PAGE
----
Praying Into Thin Air

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Life is like climbing a mountain. It’s an arduous experience, but it gets us to our goal. Our REAL challenge is deciding what that goal is. Is it to reach our mountain’s top or is it to find quiet, reliable places to talk to God during our climb?

Our mountainous world provides many opportunities to communicate with God. According to the gospels, Jesus took frequent advantage of those mountains. He used them not only to pray before his passion and death, but to teach, to perform miracles for others, and to resist temptation. He also revealed his kinship to our Father through his mountaintop transfiguration.

From Jesus’ elevated perspective, though, the heights of this world are not our ends, but our means to a new beginning.

Problems arise, however, when we hoard this world’s assets as our own. Why, for example, do adventurers want to climb Mount Everest? Mostly, to make it a conquest on their bucket list before dying. Many have died in vain in that attempt, as author Jon Krakauer dramatized in his book, Into Thin Air.  This account was a commentary on the commercialization of Everest-climbing, and the flouting of safety methods by rival guides to get their clients to the summit first. The majestic beauty God gave this mountain was secondary to them.

Old Testament prophets used the beauty of mountains to get closer to God, as Jesus did. In this Sunday’s first reading, Isaiah uses Jerusalem’s Mount Zion as the medium to reunite people with God (Is 25:6-10a):

The Lord GOD will wipe away the tears from every face; the reproach of his people he will remove from the whole earth; for the LORD has spoken. … This is the LORD for whom we looked; let us rejoice and be glad that he has saved us! For the hand of the LORD will rest on this mountain.

But we screw up our relationship with God the same way we ruin our connections with each other: by using them for self-advancement as opposed to taking opportunities for unity. The way to unity requires preparation and respect, as many Everest climbers learn too late. If they had respected their mountain as the prophets and Jesus respected theirs, perhaps prayer would have taught them the lesson Paul teaches the Philippians in Sunday’s second reading (Phil 4:12-14, 19-20): that only one hunger matters:

I have learned the secret of being well fed and of going hungry, of living in abundance and of being in need. I can do all things in him who strengthens me. … My God will fully supply whatever you need, in accord with his glorious riches in Christ Jesus.

That brings us to the wedding feast detailed in Sunday’s gospel (Mt 22:1-14). According to Jesus’ parable, the well-fed and satisfied people invited to this occasion saw it as just that: a feast for which they weren’t very hungry—and therefore a waste of their time. It’s kind of like how many people see God’s invitation to attend Church services these days. They’d rather pursue their own interests than gather with others for a common purpose. So in this gospel passage, in disgust, the event organizer opens his wedding invitation to everyone—including those who ARE hungry for a feast.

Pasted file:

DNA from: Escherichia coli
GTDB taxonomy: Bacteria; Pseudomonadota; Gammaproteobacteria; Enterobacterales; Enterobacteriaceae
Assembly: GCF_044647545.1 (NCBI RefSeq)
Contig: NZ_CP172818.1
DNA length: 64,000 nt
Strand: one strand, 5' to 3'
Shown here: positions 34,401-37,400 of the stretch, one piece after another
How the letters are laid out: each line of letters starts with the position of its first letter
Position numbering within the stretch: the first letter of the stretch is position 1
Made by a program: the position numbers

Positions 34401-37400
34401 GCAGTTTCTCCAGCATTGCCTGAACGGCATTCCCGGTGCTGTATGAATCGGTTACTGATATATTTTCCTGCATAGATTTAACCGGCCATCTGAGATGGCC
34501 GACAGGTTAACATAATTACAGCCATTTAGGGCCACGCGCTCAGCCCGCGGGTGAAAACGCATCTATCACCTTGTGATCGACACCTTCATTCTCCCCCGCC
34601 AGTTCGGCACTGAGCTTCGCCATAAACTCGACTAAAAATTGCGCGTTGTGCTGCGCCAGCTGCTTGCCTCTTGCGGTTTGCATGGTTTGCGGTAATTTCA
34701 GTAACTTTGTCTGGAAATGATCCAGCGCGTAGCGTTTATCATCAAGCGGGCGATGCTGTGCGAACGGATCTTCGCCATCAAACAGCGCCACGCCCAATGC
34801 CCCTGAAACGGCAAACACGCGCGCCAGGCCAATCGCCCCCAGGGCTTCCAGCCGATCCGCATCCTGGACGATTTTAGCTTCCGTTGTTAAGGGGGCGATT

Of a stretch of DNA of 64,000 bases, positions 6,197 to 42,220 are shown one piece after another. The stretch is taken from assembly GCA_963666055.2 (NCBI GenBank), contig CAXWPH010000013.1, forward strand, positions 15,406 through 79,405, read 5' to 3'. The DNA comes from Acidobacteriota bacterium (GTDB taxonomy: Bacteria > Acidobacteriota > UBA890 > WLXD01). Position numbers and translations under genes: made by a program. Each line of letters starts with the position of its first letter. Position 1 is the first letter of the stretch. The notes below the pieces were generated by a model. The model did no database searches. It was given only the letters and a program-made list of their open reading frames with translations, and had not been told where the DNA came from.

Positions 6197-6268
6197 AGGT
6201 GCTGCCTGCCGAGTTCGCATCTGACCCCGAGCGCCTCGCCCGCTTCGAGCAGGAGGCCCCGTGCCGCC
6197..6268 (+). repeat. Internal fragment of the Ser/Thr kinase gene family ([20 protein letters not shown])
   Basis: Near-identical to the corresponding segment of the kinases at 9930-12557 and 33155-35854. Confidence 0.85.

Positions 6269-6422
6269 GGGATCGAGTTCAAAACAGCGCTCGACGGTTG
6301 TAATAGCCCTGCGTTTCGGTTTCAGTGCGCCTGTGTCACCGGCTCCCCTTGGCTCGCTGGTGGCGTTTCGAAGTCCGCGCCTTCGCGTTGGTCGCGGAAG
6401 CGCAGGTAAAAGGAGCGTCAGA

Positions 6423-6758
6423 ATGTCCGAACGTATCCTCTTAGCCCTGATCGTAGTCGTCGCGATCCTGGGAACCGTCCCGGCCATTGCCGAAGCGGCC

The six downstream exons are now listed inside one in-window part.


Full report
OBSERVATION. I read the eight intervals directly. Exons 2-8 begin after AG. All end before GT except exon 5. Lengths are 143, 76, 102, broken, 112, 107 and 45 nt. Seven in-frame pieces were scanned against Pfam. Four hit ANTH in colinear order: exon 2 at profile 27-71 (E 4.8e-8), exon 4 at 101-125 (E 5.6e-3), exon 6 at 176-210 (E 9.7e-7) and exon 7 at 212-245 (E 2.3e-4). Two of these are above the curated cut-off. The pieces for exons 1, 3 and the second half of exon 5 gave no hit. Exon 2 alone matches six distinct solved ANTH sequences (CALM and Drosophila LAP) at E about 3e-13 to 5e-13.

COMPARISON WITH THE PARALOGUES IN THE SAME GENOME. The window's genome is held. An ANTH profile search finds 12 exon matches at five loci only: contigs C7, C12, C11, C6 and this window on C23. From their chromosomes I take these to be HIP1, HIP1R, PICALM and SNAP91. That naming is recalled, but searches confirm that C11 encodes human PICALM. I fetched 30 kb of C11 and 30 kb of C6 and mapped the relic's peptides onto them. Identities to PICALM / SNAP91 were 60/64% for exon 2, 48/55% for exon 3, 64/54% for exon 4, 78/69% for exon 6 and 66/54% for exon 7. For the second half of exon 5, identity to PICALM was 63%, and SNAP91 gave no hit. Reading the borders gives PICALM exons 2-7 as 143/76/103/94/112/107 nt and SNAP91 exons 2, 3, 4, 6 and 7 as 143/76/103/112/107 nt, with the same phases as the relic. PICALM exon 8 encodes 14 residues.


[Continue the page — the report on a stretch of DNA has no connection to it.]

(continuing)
But hunger alone isn’t enough to win a seat at this table. Respect for the unity it represents is key:

The servants went out into the streets and gathered all they found, bad and good alike, and the hall was filled with guests. But when the king came in to meet the guests, he saw a man there not dressed in a wedding garment. The king said to him, ‘My friend, how is it that you came in here without a wedding garment?’ But he was reduced to silence.

Dressing appropriately, whether for a wedding feast or for a mountain climb, shows the respect of preparation for these occasions. We don’t come to eat at God’s feast, but to partake. A self-centered motivation to consume shows the same lack of appreciation for preparation that cost those mountain climbers their lives.

Such a focus on self is the original sin that cost Adam and Eve their lives, too. They saw the glory of Eden as their possession rather than as a connection to the divine. That was humanity’s first mistake. Failure to prepare for reaching God’s summit would be our last.

–Tom Andel


  1. I find it interesting how the Gospel message in this blog clearly illustrates that all are welcome to God’s kingdom, yet many reject the invitation.

    We are often so preoccupied with our irrelevant goals and activities, that we lose sight of our essential purpose, which is a life of following and being obedient to the teachings of Jesus Christ.

    I understand how it happens, but am mystified nonetheless.

    One purpose! One goal! One objective!

    • Our rejection of the invitation to welcome God’s Kingdom among us is as ancient as our acceptance of evil’s invitation to feed our worldly passions like pride, revenge and hatred. The renewed conflicts in Europe, China and the Middle East are now proving we humans are slow learners. As long as we see each other as hated groups, we’ll never see the loved ones the spirit of Jesus represents in fellow individuals of every creed, race, and class. Climbing to the heights of God’s love takes effort on our part. One human being at a time.

  2. This week’s blog reminds me that I need to continue to pay attention to my habit of asking God to guide me to do His Will each moment of my life.

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